The Siberian Express will ride again next week, as frigid air pushes across much of the U.S. with temperatures in some places dropping to as much as 50 degrees Fahrenheit below average for this time of year.
The cold will come courtesy of two main weather features — a wobble in the upper level polar vortex that will pull cold air out of Siberia, Alaska and Canada,
While this will be a headline-grabbing event, with temperatures remaining below zero Fahrenheit for the daytime high across the northern Rockies, parts of the Plains and Midwest, it is not likely to equal or beat the severity of the January 2014 Polar Vortex event. Read more…
More about Winter, Polar Vortex, Extreme Weather, Science, and Climate
Things in the Arctic are just getting weirder and weirder. And not in a good way.
Freakishly high air and ocean temperatures during November caused sea ice to trail far behind typical levels, with sea ice extent ending the month at a record low. Sea ice extent averaged 3.51 million square miles for the month, which was 753,000 square miles below the 1981-2010 average for the period, according to data released Tuesday by the National Snow and Ice Data Center (NSIDC) in Boulder, Colorado.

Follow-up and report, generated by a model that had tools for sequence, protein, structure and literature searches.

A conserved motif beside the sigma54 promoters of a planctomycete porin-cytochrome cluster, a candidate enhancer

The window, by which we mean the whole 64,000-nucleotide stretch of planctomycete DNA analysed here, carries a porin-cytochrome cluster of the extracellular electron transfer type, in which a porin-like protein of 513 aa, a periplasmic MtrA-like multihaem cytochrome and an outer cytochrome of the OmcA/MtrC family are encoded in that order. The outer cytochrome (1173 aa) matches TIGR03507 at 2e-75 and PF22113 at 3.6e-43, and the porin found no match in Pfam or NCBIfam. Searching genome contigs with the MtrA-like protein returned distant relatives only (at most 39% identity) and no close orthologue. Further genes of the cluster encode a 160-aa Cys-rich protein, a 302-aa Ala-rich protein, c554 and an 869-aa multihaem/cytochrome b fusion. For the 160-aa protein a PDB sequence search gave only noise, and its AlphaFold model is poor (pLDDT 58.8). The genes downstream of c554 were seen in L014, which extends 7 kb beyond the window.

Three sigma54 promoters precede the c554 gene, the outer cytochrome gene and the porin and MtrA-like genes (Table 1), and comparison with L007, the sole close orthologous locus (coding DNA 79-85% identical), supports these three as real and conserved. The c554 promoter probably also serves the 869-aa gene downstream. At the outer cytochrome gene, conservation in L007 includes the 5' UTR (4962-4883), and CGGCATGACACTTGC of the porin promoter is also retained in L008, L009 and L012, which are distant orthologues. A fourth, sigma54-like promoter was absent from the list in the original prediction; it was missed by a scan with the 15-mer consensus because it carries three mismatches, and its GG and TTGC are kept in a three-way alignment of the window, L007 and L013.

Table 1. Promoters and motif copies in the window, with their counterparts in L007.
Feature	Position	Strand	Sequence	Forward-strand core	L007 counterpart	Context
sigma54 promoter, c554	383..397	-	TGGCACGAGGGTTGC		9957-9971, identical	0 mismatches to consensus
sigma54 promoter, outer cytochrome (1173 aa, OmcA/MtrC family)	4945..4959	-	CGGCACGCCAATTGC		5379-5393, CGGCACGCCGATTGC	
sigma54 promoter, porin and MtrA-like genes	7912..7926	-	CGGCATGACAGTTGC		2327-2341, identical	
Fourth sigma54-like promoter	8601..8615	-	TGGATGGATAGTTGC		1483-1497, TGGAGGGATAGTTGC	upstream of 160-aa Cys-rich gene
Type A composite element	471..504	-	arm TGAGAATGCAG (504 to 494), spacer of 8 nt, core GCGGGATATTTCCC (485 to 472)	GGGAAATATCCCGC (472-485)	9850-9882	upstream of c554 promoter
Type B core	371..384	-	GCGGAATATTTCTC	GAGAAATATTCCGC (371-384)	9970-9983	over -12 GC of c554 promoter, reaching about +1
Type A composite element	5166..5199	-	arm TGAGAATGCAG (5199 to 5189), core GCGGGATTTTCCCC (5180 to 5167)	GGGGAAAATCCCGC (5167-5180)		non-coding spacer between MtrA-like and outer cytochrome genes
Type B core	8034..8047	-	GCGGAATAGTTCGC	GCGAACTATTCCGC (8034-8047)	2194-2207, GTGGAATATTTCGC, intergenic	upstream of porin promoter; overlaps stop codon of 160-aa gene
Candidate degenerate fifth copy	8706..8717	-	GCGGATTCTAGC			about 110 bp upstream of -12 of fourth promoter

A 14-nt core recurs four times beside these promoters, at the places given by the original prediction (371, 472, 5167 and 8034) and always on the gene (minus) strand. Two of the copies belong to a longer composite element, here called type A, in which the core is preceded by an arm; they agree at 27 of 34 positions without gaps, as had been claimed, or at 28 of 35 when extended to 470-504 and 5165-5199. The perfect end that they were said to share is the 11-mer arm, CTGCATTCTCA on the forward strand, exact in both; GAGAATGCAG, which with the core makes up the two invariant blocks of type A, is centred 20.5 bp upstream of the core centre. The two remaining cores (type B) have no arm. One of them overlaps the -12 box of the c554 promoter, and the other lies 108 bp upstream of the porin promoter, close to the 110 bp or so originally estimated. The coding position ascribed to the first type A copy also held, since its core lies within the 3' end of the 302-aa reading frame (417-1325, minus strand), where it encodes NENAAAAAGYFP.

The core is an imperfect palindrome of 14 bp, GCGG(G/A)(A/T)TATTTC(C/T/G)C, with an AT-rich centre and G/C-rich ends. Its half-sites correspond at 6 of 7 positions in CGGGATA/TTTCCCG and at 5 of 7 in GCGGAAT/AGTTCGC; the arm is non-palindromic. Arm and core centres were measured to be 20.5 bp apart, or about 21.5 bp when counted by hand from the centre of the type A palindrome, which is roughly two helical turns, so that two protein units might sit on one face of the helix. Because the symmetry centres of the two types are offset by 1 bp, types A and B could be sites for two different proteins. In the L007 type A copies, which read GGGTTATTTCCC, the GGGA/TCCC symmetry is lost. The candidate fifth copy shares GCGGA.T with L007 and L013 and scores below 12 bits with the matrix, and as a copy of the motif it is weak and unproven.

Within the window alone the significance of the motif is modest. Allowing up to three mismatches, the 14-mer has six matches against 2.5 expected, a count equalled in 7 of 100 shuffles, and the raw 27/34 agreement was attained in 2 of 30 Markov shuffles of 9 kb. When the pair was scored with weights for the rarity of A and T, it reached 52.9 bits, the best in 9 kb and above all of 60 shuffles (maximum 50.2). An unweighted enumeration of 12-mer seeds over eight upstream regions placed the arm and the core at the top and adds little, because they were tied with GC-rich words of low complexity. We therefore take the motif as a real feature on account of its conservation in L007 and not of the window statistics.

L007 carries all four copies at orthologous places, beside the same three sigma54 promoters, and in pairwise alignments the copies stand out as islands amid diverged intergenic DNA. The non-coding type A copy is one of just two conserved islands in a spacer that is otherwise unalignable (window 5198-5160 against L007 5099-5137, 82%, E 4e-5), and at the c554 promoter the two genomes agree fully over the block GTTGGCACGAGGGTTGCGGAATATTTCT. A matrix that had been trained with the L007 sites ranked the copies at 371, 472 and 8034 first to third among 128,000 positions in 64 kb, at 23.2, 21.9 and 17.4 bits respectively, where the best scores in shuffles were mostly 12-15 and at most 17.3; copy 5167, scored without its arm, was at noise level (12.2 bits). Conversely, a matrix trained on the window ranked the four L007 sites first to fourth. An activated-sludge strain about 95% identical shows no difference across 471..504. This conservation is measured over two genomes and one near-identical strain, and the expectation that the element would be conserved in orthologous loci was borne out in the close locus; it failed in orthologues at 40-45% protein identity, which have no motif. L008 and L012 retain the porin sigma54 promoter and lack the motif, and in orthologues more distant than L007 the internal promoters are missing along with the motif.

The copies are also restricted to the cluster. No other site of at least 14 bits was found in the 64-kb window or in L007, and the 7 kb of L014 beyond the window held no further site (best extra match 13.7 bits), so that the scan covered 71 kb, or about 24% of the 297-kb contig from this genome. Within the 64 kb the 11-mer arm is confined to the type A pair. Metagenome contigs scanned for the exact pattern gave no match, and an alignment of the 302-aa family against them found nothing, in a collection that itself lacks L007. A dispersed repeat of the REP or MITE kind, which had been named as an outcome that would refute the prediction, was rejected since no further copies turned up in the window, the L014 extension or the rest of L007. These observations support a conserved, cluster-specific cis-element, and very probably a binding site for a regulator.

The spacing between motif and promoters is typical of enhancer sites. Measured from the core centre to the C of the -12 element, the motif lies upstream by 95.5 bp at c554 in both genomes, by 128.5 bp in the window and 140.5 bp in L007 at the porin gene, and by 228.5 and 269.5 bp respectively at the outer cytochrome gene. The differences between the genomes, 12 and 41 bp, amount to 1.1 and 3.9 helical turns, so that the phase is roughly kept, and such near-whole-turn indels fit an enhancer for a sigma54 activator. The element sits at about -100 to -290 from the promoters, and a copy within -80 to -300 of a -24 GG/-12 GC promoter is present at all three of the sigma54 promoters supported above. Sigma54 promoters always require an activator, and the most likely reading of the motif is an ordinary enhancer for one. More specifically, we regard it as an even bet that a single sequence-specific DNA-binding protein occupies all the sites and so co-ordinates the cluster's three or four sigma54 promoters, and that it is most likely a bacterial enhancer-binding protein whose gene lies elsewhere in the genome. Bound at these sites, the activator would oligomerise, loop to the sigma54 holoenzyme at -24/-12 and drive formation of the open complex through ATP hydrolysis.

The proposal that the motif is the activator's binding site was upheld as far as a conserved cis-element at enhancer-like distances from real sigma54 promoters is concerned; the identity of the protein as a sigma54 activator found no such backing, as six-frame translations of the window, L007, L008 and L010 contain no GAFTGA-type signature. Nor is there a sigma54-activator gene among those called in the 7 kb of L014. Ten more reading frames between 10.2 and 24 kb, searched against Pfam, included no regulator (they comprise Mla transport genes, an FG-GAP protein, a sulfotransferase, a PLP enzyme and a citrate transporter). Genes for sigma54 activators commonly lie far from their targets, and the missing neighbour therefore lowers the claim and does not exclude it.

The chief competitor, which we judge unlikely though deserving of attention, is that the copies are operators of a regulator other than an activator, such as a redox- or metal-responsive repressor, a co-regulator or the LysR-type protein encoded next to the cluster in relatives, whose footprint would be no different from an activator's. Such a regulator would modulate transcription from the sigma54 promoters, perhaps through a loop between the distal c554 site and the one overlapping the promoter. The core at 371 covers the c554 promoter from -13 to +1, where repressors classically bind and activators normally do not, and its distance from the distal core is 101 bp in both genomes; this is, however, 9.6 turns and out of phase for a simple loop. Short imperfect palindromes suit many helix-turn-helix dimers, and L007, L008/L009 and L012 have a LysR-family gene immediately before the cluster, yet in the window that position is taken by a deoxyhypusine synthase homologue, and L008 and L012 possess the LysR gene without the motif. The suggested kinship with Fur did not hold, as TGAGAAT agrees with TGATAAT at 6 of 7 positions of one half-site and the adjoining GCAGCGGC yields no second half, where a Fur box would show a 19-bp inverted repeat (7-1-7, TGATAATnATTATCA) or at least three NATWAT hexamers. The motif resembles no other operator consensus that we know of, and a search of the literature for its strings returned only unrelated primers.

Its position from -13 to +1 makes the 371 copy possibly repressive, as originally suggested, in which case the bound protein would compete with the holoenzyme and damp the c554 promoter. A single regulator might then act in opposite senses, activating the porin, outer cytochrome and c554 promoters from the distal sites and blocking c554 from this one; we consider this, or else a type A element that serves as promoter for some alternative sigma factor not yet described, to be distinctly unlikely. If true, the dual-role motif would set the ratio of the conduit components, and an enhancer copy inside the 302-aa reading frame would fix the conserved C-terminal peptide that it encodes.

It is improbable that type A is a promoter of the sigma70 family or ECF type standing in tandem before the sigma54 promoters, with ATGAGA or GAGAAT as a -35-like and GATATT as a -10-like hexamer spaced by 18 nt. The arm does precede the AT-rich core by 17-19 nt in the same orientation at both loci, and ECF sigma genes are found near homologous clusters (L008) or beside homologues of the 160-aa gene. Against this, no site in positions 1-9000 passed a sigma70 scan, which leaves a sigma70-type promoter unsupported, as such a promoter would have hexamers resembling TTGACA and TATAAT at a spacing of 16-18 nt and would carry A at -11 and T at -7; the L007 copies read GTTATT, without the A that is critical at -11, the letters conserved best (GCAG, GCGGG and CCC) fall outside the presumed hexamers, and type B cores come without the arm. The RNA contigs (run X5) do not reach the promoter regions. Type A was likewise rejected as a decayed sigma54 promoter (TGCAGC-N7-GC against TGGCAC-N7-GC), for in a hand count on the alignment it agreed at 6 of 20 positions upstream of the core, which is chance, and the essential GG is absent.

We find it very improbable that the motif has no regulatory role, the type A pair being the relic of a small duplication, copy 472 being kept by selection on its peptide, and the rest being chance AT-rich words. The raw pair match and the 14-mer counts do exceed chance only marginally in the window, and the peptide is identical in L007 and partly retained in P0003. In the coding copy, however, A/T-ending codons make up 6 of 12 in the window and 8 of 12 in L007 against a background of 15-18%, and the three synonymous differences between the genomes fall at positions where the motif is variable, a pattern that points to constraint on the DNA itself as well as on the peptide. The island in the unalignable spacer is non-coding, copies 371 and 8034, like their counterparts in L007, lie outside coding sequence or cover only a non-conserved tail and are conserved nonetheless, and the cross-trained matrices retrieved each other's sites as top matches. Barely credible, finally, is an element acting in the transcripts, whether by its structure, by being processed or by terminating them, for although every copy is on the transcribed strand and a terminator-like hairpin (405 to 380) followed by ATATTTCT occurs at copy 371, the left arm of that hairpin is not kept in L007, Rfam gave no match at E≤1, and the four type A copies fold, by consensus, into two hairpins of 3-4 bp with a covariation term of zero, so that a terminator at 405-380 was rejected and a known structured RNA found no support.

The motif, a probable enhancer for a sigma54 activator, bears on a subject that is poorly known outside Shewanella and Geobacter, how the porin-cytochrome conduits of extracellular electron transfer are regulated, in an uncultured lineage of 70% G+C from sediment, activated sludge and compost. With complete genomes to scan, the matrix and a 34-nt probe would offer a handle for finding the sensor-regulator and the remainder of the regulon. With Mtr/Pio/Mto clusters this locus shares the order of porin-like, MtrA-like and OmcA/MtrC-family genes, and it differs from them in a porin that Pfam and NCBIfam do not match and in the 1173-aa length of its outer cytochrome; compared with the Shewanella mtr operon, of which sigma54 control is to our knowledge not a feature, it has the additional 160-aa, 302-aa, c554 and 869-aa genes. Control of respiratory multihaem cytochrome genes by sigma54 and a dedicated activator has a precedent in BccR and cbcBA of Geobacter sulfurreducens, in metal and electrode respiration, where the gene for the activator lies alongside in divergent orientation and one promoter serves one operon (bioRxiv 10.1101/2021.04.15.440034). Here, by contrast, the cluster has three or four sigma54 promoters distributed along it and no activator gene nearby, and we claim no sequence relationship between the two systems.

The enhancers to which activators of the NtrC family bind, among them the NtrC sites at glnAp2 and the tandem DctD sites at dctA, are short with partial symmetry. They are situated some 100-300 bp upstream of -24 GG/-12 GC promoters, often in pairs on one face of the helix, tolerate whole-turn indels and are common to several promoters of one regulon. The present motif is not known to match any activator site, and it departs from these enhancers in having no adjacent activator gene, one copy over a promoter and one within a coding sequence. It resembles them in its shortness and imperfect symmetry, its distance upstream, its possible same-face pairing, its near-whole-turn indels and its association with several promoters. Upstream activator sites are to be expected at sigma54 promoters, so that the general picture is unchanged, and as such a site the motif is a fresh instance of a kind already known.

The section of missing ice was about the same size as the entire country of Mexico. Or to put it in terms of U.S. states, the missing ice is greater than the states of Texas, California, Montana and New Mexico combined. Read more…
More about Record Warm Year, Extreme Weather, Science, Antarctica, and Arctic
As the planet warms in response to the buildup of greenhouse gases in the atmosphere, the ratio of high temperature records compared to low temperature records has become more skewed. If the climate weren’t warming, that long-term ratio should average out to about 1-to-1.
However, that isn’t the world we’re living in. A 2009 study found that the record highs to lows ratio was 2-to-1 for the lower 48 states during the 2000s, and this disparity has only grown since then. Projections show the imbalance increasing in coming decades as global warming continues.
Keeping in mind that individual months show considerable variability in weather patterns, it’s clear that over the long-term, the ratio of record highs to record lows is now strongly favoring record highs as well as record warm overnight temperatures. This is consistent with computer model projections of a warming world. Read more…
More about Climate Change, Temperature Ratio, Global Warming, Extreme Weather, and Climate